Sunday, 6 January 2013

The mandrake's screaming reputation



"Come, my beloved, let us go forth into the field; let us lodge in the villages. Let us get up early to the vineyards; let us see whether the vine hath budded, whether the vine-blossom be opened, and the pomegranates be in flower; there will I give thee my love. The mandrake give forth fragrance, and at our doors are all manner of precious fruits, new and old, which I have laid up for thee, O my beloved."
Song of Solomon 7:12-13 




Mandrake is known from ancient times, its reputation runs in people's mouths for centuries. The oldest references are to be found in biblical scriptures, Genesis and Song of Solomon (or Song of Songs) where its hebrew name (דודאים) is found to mean literally love plant (hum, interesting!). 




There is no other plant in Europe associated with so many myths and legends. The Mandrake is popular due to its natural properties, and that includes (apart from the aphrodisiac effects that hebrews seemed to be so much aware of) hallucinogenic, analgesic and narcotic effects. But the bad reputation of this plant is probably due to the poisonous character of its whole - especially the root. And it is the root the basis of this whole story. The root of this plant resembles a human shape, so it was believed in the dark old times that a dangerous homunculus was the root of the plant. The imagination lead people to the world of non-sense and in the Medieval times it was believed that mandrakes could be fatal to its catcher because the homunculus root would scream so loudly while pulled out of the soil that the scream, they say, would kill the catcher. Creepy and doubtful, right? Nevertheless it was based on this myth that the price of the mandrakes became as high as an artisan's salary around the XVII century. Of course this was probably a high rentable business, people needed the plant to cast love spells, witches also to rub it on their bodies to be able to fly, and for other ordinary daily tasks that people used to do in the Middle Ages.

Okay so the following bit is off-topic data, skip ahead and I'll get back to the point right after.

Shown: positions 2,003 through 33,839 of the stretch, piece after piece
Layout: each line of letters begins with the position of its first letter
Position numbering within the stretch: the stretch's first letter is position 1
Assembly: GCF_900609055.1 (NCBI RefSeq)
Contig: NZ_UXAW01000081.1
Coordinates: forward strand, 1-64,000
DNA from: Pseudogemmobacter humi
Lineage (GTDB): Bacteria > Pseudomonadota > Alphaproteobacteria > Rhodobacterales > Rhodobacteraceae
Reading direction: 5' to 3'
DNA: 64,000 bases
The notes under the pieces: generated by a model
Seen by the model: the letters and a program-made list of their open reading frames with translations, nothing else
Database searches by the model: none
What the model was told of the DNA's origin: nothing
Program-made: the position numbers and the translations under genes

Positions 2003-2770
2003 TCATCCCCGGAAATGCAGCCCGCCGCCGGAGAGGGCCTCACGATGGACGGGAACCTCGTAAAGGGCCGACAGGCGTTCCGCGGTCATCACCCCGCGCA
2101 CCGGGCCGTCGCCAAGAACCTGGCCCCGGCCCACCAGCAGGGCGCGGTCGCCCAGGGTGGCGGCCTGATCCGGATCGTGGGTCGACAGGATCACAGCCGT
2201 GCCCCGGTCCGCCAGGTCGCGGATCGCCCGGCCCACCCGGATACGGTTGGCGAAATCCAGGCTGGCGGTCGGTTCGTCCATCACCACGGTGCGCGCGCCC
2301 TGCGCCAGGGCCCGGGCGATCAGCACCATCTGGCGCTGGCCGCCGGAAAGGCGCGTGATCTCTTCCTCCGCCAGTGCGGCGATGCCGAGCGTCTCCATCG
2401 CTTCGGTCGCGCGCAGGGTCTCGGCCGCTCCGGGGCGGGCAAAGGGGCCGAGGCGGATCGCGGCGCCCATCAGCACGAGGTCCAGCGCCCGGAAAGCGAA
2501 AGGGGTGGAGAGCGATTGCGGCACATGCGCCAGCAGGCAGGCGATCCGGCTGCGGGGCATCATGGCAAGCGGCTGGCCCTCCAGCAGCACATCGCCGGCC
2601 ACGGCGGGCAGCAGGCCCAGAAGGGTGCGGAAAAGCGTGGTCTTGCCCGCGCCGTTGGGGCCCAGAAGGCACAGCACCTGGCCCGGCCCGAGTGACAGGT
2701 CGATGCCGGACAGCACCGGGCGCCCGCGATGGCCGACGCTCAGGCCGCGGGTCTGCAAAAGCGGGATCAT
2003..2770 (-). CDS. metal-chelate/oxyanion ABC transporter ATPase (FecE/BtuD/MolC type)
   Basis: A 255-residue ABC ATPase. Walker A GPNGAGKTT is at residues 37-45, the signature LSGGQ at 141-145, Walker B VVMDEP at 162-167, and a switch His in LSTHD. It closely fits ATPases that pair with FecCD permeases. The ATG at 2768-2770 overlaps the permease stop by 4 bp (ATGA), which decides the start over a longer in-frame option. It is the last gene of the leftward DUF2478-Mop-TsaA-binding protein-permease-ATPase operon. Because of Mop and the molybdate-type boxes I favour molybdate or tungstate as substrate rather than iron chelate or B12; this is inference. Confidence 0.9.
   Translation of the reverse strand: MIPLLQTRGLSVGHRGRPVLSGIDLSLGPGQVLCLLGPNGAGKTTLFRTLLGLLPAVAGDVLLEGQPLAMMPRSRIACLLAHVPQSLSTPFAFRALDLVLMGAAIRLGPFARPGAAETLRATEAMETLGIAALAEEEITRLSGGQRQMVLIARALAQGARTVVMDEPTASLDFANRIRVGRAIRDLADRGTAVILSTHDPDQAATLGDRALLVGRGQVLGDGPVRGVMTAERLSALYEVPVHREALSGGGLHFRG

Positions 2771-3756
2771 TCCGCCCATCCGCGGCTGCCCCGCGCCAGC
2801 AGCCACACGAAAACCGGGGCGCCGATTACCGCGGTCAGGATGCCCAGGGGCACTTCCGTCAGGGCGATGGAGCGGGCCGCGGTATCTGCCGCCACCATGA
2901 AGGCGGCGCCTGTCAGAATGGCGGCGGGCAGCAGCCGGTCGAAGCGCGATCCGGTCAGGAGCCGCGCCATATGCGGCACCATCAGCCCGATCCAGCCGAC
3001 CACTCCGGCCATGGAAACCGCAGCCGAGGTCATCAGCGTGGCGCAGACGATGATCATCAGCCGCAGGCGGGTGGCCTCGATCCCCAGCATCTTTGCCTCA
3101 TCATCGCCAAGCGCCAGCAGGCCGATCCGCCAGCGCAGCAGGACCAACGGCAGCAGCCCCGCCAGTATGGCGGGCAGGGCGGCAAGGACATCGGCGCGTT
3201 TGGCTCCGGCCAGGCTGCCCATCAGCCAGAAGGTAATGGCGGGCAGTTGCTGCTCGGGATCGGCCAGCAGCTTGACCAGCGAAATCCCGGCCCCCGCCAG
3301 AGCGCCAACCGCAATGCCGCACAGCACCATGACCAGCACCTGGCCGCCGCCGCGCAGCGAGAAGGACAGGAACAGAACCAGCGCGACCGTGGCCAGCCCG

The roots of the mandrake with its human shape

Now, I'm going to tell you how did the ancient mandrake catcher managed without killing themselves out of that loud scream, but first let me warn you - do NOT try this at home to avoid innocent deaths! This was done by experienced men, trained and skilled for mandrake cropping. 

According to medieval legends, the Mandragora roots should be collected close to the Summer solstice during full moon nights. It is wise to keep it still by wetting it with blood or urine. Then, a furrow must be dug around it until a rope can be tied to the root and the other end tied to a black dog. The catcher would then leave the place keeping his ears closed and the dog, by following the owner, will pull out the root. After this, the root is of no harm anymore and can be handled without fear. 

Here you can see a professional of the Mandrake catching in action

Ok, let's put some seriousness on this post, Mandragora officinarum L. belongs to the Solanaceae family and you can tell that straight away by looking at the flowers. How? Hum, good one! I think the petal tube and the 5 corolla lobes, associated with the haplostemony character of the stamens helps. The difference with Solanum species is that the dehiscence of the stamens isn't poricidal, and so Buzz Pollination doesn't happen in Mandragora.

Detail of the flower showing the longitudinal dehiscence of Mandragora flowers 

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